View single post by stainlesssteel
 Posted: Thu Dec 7th, 2006 12:04 am
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Joined: Sat Dec 2nd, 2006
Location: San Diego, California USA
Posts: 55
Thanks for the reply.

I don't see how a bad #2 burner (surface unit) switch could be the problem.

As I understand it, all the electrical switch integrated in the burner knob does is connect line voltage to the spark module. The spark module uses this information to send kilovolt level voltage to all 4 sparkers.

Since the sparkers (all 4 by design) start sparking when the #2 burner knob is turned on, the switch in the #2 burner appears to be doing its job. It's just that sparking continues even after the #2 burner flame lights.

If my understanding of the surface unit switch is correct, it receives no feedback as to whether the burner flame is lit. Therefore it has nothing to do with the sparkers continuing to spark even after #2 flame ignites.

My best guesses
1) spark module is not correctly detecting whatever feedback it receives through the sparker. I assume this feedback is the sparker's heat-dependent electrical resistance. There is only one wire from the burner to the spark module....the sparker wire...that is, there are no other wires for, say, a heat or flame sensor.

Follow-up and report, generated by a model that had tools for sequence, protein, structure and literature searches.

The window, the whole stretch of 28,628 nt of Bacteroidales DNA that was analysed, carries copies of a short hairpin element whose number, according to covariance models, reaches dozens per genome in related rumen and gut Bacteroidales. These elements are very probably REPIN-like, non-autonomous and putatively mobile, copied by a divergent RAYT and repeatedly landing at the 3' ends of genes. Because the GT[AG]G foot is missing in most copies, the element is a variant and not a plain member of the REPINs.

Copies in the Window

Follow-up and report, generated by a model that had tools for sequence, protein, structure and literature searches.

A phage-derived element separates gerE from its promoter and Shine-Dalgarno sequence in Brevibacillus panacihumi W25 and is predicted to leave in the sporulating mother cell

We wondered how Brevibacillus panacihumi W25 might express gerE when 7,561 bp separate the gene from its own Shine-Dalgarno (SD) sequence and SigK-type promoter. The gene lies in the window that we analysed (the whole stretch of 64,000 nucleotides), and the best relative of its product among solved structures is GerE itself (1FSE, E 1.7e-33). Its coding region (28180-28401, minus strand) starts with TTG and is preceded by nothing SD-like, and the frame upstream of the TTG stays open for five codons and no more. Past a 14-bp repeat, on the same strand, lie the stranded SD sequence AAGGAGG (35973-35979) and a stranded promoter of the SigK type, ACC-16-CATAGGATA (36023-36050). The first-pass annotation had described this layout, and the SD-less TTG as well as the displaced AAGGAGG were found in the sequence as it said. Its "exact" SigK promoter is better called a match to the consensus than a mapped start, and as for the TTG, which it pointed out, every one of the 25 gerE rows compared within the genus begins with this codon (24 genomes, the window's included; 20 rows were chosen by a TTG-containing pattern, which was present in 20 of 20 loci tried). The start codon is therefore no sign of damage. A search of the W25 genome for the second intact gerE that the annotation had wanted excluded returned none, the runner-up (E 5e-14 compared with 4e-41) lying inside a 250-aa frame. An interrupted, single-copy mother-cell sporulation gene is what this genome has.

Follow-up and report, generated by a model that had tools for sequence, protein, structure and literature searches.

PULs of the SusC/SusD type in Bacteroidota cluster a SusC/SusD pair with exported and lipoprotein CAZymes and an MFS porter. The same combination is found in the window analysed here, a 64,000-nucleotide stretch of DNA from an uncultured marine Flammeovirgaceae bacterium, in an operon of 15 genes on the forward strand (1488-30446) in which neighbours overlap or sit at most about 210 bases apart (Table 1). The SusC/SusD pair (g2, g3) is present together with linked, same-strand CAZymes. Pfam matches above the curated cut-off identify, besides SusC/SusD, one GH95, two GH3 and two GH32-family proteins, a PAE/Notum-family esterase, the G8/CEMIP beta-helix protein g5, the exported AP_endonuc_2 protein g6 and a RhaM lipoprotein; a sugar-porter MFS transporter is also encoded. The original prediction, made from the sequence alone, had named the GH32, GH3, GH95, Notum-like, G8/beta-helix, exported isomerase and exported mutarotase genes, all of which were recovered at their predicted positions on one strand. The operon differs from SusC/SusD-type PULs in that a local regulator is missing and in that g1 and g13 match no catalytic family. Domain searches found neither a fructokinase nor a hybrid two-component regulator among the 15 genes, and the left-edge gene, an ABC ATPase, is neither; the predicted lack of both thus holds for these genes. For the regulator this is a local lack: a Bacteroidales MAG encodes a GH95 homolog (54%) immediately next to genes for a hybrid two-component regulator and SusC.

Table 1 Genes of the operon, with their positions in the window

2) electrical resistance vs. temperature curve of the sparker is not what the spark module expects. This could be because it's the wrong sparker (quite possible, as I had no part number when I bought it--the guy at Coast Appliance just matched the sparker to the old one I brought in on looks) or it's defective--aging, heat damage etc.

Therefore the best things to try replacing are the spark module, then the #2 sparker.

Am i missing something?

What would really help me is more detail on how the spark modules senses flame. Does anyone have a schematic for this sort of spark module, or know generally how they sense flame and/or temperature?

Custer wore Arrow shirts.